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Lubb

[java] Drawing Inside Anything, I'm Stumped

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I want to put the "hello" inside the (named) scrollpane [scrollPix]. Every drawing example I sem to be able to find draws directly on the window client surface, and not inside any component. This is probably easy to do, but I can''t find any actual code examples and everything I''ve guessed doesn''t work. I can add components, but can''t access any of them. -I want to name the scrollpane, so I can have more than one, and choose which to draw into--so I don''t really want some method that defaults to "the only scrollpane in the window". ~
import java.awt.*;
import java.awt.event.*;

public class button1 extends Frame {
	public static button1 button1frame;
	Color textcolor=Color.black;
	Button White_Textbtn=new Button();
	Button Red_Textbtn=new Button();
	ScrollPane scrollPix = new ScrollPane();

	/* constructor */
	public button1(String title) {
	super(title);
	}

	/* init methods */
	public void init() {
	setBackground(Color.blue);
	Panel upperpanel=new Panel();
	Panel lowerpanel=new Panel();
	White_Textbtn=new Button ("White Text");
	White_Textbtn.addActionListener(new White_Textbtnlis());
	upperpanel.add(White_Textbtn);
	Red_Textbtn=new Button ("Red Text");
	Red_Textbtn.addActionListener(new Red_Textbtnlis());
	upperpanel.add(Red_Textbtn);
	scrollPix.setSize(300, 300);
	lowerpanel.add(scrollPix);
	add(BorderLayout.NORTH, upperpanel);
	add(BorderLayout.SOUTH, lowerpanel);
	}

	public void paint (Graphics g) {
	g.setColor(textcolor);
	g.drawString("Hello",150,150);
	}

	/* class declaration */
	class White_Textbtnlis implements ActionListener {
	public void actionPerformed(ActionEvent e) {
		textcolor=Color.white;
		button1frame.repaint();
		}
	}


	/* class declaration */
	class Red_Textbtnlis implements ActionListener {
	public void actionPerformed(ActionEvent e) {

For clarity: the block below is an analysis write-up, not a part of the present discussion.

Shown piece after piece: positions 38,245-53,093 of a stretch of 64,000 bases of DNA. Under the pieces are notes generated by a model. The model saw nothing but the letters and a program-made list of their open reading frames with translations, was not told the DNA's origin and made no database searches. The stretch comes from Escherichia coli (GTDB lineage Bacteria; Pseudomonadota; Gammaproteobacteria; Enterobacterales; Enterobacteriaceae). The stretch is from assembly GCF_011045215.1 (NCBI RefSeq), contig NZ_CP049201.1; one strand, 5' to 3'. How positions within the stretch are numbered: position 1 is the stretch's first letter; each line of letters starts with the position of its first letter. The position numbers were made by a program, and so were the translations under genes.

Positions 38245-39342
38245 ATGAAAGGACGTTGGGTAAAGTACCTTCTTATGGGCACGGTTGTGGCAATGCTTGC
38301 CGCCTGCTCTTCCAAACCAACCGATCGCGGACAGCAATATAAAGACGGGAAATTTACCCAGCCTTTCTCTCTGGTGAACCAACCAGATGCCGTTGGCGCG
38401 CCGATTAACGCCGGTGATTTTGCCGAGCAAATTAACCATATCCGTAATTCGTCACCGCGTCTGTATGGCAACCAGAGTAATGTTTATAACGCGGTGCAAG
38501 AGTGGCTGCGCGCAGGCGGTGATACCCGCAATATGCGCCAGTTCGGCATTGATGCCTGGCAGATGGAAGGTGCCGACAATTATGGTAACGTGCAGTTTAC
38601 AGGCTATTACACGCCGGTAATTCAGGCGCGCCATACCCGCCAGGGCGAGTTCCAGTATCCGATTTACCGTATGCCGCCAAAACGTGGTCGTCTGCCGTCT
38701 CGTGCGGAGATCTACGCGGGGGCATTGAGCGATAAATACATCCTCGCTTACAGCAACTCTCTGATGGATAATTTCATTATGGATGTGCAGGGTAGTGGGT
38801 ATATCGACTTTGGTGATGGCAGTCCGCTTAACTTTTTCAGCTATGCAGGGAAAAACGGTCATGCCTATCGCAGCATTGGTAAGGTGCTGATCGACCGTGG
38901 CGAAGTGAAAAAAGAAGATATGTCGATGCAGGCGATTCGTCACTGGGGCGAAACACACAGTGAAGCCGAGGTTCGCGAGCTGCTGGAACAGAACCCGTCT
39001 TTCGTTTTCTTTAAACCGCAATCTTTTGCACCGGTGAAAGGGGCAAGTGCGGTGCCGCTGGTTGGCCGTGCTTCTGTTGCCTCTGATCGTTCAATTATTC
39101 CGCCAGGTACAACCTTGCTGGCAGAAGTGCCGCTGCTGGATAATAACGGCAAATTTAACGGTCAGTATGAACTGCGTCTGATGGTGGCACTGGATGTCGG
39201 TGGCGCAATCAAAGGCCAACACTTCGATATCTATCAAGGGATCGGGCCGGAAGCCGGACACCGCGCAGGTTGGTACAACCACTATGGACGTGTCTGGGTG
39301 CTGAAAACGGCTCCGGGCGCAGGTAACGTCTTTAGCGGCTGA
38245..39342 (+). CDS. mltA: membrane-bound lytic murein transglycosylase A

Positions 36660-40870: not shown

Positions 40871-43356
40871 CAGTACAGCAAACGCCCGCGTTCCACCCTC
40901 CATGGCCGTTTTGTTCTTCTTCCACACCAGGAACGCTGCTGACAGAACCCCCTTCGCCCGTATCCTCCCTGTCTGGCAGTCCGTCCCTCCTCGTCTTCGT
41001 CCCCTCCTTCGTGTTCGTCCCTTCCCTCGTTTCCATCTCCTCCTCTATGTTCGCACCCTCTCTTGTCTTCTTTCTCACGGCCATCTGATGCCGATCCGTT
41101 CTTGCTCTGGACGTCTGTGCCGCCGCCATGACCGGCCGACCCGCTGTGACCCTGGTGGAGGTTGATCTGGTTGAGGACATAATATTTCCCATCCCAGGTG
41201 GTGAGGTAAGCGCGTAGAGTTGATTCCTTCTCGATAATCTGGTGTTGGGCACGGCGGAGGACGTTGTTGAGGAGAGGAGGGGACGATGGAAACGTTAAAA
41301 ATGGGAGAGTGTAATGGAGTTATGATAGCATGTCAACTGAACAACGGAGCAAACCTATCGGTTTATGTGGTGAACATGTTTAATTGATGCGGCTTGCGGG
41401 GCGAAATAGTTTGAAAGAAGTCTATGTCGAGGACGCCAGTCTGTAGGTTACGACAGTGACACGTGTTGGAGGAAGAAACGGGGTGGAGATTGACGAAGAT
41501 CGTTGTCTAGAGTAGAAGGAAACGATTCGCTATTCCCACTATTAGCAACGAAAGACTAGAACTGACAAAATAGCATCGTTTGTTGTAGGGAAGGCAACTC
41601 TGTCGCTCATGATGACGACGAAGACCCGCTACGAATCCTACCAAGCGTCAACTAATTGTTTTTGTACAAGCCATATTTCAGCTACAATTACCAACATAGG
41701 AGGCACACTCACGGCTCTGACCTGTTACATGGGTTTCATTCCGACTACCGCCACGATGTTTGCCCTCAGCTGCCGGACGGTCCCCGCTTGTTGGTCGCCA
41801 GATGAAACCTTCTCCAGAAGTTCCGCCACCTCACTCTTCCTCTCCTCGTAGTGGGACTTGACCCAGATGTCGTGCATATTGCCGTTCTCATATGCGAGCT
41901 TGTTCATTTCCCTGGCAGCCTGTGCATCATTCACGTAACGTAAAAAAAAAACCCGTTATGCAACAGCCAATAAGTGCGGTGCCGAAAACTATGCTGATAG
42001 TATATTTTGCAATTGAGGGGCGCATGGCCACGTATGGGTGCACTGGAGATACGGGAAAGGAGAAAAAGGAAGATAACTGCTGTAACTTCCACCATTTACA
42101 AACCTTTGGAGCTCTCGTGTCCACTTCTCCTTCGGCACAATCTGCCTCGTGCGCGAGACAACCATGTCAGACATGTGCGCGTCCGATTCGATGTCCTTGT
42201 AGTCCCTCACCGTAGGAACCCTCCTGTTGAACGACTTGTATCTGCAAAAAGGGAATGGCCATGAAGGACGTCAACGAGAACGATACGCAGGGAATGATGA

textcolor=Color.red;
		button1frame.repaint();
		}
	}

	static class winlis extends WindowAdapter {
	public void windowClosing(WindowEvent e) {
		System.exit(0);
		}
	}

	public static void main (String args[]) {
	button1frame=new button1("button1");
	button1frame.addWindowListener(new winlis());
	button1frame.init();
	button1frame.setBounds(10,10,800,600);
	button1frame.setVisible(true);
	}

}
 

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Create a class that extends JPanel and overrides its paint method, then place an instance of that class inside your JScrollPane.

[edited by - HenryAPe on October 16, 2002 1:35:16 AM]

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You're so close already . Every component defines a paint() function, you're just overridding the one in Frame. To draw in a specific component, simply subclass that component and override its paint() function.

This might not get the expected results in a ScrollPane however. You'll probably want to subclass another component to paint in and then add that component to your ScrollPane.

EDIT: HenryApe beat me to it.

[edited by - wayfarerx on October 16, 2002 1:40:40 AM]

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Still nuts:
I added a separate file/class named drawpanel extending Panel, and added an instance of drawpanel (named myPanel) inside scrollPix.
Anything I put in the button1 init() works (like setting myPanel''s background to white) but after that, I can''t draw anything on it. I can''t figure out how to get the graphics object of it, and nothing called on it works, or usually even compiles. Where should the code to do this go? What should it look like?